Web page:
Go
var region = os.Getenv("AWS_REGION")
C#
string region = Environment.GetEnvironmentVariable("AWS_REGION");
PowerShell
$region = $env:AWS_REGION

Lambda stores environment variables securely by encrypting them at rest. You can configure Lambda to use a different encryption key, encrypt environment variable values on the client side, or set environment variables in an AWS CloudFormation template with AWS Secrets Manager.

Defined runtime environment variables

Lambda runtimes set several environment variables during initialization. Most of the environment variables provide information about the function or runtime. The keys for these environment variables are reserved and cannot be set in your function configuration.

Reserved environment variables

  • _HANDLER – The handler location configured on the function.

  • _X_AMZN_TRACE_ID – The X-Ray tracing header.

  • AWS_REGION – The AWS Region where the Lambda function is executed.

  • AWS_EXECUTION_ENV – The runtime identifier, prefixed by AWS_Lambda_—for example, AWS_Lambda_java8.

  • AWS_LAMBDA_FUNCTION_NAME – The name of the function.

  • AWS_LAMBDA_FUNCTION_MEMORY_SIZE – The amount of memory available to the function in MB.

  • AWS_LAMBDA_FUNCTION_VERSION – The version of the function being executed.

    AWS_LAMBDA_INITIALIZATION_TYPE – The initialization type of the function, which is either on-demand or provisioned-concurrency. For information, see Configuring provisioned concurrency.

  • AWS_LAMBDA_LOG_GROUP_NAME, AWS_LAMBDA_LOG_STREAM_NAME – The name of the Amazon CloudWatch Logs group and stream for the function.

  • AWS_ACCESS_KEY_ID, AWS_SECRET_ACCESS_KEY, AWS_SESSION_TOKEN – The access keys obtained from the function's execution role.

  • AWS_LAMBDA_RUNTIME_API – (Custom runtime) The host and port of the runtime API.

  • LAMBDA_TASK_ROOT – The path to your Lambda function code.

  • LAMBDA_RUNTIME_DIR – The path to runtime libraries.

  • TZ – The environment's time zone (UTC). The execution environment uses NTP to synchronize the system clock.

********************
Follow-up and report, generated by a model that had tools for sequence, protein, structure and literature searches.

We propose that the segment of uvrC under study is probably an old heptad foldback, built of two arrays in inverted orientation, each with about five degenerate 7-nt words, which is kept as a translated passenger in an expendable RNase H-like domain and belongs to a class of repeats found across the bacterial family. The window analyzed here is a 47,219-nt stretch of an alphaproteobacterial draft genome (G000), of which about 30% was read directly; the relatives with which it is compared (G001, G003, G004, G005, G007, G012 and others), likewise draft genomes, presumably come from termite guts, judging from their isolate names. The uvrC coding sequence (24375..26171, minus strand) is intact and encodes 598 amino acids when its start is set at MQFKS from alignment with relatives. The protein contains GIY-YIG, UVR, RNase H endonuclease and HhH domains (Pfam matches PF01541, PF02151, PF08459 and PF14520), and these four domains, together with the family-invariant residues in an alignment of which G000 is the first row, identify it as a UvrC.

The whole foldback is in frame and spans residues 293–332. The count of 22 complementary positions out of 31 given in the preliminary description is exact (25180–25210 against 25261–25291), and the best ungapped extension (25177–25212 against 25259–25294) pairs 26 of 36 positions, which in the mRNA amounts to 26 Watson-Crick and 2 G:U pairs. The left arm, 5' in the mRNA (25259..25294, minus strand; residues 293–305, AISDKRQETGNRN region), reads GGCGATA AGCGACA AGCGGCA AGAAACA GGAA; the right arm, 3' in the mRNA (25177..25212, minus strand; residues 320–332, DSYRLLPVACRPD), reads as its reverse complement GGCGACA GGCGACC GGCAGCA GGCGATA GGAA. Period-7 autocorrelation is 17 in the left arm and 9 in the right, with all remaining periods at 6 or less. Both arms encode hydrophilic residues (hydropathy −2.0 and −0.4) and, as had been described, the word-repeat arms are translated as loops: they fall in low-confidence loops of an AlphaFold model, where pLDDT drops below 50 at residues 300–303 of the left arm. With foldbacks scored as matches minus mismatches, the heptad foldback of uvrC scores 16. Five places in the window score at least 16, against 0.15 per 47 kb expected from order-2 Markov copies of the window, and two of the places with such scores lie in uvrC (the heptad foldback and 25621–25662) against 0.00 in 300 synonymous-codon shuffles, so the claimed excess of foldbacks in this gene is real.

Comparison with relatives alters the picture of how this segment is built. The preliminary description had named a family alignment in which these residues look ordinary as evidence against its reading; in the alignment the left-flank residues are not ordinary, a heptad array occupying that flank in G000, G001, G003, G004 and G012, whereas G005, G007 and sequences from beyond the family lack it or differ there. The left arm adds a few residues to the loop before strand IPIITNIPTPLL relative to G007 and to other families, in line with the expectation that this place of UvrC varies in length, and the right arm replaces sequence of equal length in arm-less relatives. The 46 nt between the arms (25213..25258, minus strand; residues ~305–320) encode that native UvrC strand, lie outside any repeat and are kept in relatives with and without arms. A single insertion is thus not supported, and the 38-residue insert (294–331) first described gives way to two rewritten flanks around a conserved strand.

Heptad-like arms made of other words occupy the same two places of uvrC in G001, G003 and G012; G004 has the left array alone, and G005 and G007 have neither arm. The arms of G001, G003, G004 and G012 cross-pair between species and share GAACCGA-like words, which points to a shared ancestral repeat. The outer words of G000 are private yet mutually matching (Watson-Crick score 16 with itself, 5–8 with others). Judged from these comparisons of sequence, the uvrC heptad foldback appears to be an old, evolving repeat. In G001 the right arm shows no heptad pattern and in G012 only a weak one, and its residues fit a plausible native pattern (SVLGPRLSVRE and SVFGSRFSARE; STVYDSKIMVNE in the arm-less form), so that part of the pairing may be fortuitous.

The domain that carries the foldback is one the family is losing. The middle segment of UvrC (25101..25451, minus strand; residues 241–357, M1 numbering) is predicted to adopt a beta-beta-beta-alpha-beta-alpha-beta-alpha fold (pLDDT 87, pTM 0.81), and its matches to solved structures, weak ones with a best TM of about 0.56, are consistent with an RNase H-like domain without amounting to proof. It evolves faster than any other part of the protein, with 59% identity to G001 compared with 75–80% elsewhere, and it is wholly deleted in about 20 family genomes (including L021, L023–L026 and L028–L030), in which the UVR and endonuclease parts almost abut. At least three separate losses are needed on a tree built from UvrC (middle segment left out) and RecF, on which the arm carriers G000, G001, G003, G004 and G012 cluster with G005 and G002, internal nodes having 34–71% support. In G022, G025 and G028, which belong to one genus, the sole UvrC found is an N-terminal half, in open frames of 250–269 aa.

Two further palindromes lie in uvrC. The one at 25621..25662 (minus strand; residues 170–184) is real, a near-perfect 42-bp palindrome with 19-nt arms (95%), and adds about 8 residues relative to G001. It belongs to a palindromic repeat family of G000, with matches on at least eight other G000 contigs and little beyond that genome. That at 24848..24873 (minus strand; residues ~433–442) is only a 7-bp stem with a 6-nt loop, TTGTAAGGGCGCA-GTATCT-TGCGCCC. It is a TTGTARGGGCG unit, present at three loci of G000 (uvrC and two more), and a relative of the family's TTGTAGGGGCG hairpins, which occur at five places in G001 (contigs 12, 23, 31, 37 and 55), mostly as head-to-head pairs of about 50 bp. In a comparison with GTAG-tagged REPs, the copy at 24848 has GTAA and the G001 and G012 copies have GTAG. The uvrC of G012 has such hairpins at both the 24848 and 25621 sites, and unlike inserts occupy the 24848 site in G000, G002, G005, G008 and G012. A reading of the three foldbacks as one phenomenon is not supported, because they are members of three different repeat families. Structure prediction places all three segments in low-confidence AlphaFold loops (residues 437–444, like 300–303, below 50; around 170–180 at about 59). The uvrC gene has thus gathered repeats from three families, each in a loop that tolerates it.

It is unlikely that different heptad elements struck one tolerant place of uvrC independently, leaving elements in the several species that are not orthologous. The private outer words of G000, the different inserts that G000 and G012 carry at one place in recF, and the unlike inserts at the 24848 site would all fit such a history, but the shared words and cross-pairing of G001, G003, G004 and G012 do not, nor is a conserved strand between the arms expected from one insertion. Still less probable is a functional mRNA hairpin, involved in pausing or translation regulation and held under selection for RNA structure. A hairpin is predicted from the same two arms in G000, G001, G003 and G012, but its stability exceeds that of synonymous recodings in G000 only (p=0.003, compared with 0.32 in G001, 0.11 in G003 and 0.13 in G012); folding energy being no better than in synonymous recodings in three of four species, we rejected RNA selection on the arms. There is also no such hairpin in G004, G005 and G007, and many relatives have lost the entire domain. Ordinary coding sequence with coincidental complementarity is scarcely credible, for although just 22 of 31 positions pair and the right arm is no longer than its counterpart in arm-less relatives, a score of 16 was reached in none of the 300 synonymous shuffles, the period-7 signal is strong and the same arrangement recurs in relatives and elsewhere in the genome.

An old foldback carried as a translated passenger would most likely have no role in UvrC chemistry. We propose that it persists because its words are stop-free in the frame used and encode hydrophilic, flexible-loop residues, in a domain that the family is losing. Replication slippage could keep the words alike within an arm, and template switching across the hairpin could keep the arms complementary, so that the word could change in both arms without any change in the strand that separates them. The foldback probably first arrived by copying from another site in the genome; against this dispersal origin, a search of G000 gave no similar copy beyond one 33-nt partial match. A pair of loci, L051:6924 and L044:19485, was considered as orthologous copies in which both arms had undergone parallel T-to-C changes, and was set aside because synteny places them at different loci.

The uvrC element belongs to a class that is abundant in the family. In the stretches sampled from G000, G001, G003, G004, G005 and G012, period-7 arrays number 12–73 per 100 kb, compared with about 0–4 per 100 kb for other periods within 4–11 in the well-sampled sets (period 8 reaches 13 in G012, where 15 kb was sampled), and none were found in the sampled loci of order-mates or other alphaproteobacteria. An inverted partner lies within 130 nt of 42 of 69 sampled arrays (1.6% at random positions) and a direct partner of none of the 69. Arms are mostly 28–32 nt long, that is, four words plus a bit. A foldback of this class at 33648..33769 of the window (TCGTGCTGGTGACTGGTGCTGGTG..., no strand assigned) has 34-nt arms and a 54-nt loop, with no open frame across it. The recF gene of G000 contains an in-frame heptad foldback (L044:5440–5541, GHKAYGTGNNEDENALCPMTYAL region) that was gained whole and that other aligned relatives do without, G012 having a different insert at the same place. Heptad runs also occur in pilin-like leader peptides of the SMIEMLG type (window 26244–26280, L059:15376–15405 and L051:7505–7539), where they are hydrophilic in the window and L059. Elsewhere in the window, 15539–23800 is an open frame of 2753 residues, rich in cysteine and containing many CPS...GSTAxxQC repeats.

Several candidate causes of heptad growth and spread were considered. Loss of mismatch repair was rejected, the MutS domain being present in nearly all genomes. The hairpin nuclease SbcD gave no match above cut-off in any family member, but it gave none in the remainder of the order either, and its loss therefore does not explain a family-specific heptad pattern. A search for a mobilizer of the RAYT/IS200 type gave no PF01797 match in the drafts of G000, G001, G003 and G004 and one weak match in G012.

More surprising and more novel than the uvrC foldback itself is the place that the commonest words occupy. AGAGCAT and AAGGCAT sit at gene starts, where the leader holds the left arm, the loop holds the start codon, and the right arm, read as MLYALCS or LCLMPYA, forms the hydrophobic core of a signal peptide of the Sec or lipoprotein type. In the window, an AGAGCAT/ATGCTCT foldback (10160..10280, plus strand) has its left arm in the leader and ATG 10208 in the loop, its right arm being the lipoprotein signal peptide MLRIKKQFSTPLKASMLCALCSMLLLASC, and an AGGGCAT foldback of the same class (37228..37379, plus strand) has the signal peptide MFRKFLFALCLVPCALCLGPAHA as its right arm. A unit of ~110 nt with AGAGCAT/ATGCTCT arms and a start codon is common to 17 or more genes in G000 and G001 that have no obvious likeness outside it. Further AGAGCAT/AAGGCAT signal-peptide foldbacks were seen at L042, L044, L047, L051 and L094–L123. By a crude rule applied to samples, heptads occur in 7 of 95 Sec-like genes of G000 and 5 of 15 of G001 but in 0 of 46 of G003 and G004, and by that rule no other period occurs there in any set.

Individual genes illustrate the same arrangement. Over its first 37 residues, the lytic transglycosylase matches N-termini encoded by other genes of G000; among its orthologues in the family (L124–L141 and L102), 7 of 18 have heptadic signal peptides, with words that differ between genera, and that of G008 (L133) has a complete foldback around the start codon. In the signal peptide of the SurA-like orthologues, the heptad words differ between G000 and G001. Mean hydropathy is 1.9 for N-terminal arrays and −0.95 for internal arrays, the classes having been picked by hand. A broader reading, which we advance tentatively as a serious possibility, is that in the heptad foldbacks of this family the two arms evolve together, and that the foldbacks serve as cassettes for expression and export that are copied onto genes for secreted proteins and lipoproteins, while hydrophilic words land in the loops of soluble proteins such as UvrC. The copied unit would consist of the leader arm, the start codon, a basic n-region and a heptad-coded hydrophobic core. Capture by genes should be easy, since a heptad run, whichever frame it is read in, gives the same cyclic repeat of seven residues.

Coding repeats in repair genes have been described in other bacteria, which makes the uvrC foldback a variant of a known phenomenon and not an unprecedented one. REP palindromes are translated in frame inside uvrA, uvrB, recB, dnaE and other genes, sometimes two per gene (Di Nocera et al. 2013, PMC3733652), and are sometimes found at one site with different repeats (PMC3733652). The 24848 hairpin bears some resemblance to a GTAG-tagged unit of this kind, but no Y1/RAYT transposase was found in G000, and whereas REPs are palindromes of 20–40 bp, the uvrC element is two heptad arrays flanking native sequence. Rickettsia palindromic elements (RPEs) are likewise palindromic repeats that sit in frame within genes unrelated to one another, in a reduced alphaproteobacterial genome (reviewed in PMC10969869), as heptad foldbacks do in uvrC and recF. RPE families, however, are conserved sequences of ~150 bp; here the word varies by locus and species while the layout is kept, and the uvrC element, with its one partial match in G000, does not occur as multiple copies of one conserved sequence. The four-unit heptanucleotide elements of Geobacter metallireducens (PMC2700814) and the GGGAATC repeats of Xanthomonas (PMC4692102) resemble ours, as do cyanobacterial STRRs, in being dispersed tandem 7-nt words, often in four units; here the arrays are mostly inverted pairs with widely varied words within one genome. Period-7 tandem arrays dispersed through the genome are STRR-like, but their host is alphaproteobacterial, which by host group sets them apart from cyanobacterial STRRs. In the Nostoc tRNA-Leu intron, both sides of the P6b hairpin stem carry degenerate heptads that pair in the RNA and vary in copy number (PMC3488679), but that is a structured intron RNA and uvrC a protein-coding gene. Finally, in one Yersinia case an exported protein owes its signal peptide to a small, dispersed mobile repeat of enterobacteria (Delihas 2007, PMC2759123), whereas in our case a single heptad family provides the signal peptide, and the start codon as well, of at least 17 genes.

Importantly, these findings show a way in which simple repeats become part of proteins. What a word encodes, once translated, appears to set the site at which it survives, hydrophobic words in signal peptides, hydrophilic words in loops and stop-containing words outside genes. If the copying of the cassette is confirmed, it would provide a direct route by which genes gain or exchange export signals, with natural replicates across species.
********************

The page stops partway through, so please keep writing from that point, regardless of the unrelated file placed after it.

The following additional environment variables aren't reserved and can be extended in your function configuration.

Unreserved environment variables

  • LANG – The locale of the runtime (en_US.UTF-8).

  • PATH – The execution path (/usr/local/bin:/usr/bin/:/bin:/opt/bin).

  • LD_LIBRARY_PATH – The system library path (/lib64:/usr/lib64:$LAMBDA_RUNTIME_DIR:$LAMBDA_RUNTIME_DIR/lib:$LAMBDA_TASK_ROOT:$LAMBDA_TASK_ROOT/lib:/opt/lib).

  • NODE_PATH – (Node.js) The Node.js library path (/opt/nodejs/node12/node_modules/:/opt/nodejs/node_modules:$LAMBDA_RUNTIME_DIR/node_modules).

  • PYTHONPATH – (Python 2.7, 3.6, 3.8) The Python library path ($LAMBDA_RUNTIME_DIR).

  • GEM_PATH – (Ruby) The Ruby library path ($LAMBDA_TASK_ROOT/vendor/bundle/ruby/2.5.0:/opt/ruby/gems/2.5.0).

  • AWS_XRAY_CONTEXT_MISSING – For X-Ray tracing, Lambda sets this to LOG_ERROR to avoid throwing runtime errors from the X-Ray SDK.

  • AWS_XRAY_DAEMON_ADDRESS – For X-Ray tracing, the IP address and port of the X-Ray daemon.

  • AWS_LAMBDA_DOTNET_PREJIT – For the .NET 3.1 runtime, set this variable to enable or disable .NET 3.1 specific runtime optimizations. Values include always, never, and provisioned-concurrency. For information, see Configuring provisioned concurrency.

The sample values shown reflect the latest runtimes. The presence of specific variables or their values can vary on earlier runtimes.

Securing environment variables

For securing your environment variables, you can use server-side encryption to protect your data at rest and client-side encryption to protect your data in transit.

Note

To increase database security, we recommend that you use AWS Secrets Manager instead of environment variables to store database credentials. For more information, see Configuring database access for a Lambda function.

Security at rest

Lambda always provides server-side encryption at rest with an AWS KMS key. By default, Lambda uses an AWS managed key. If this default behavior suits your workflow, you don't need to set anything else up. Lambda creates the AWS managed key in your account and manages permissions to it for you. AWS doesn't charge you to use this key.

If you prefer, you can provide an AWS KMS customer managed key instead. You might do this to have control over rotation of the KMS key or to meet the requirements of your organization for managing KMS keys. When you use a customer managed key, only users in your account with access to the KMS key can view or manage environment variables on the function.

Customer managed keys incur standard AWS KMS charges. For more information, see AWS Key Management Service pricing, in the AWS KMS product pages.

Security in transit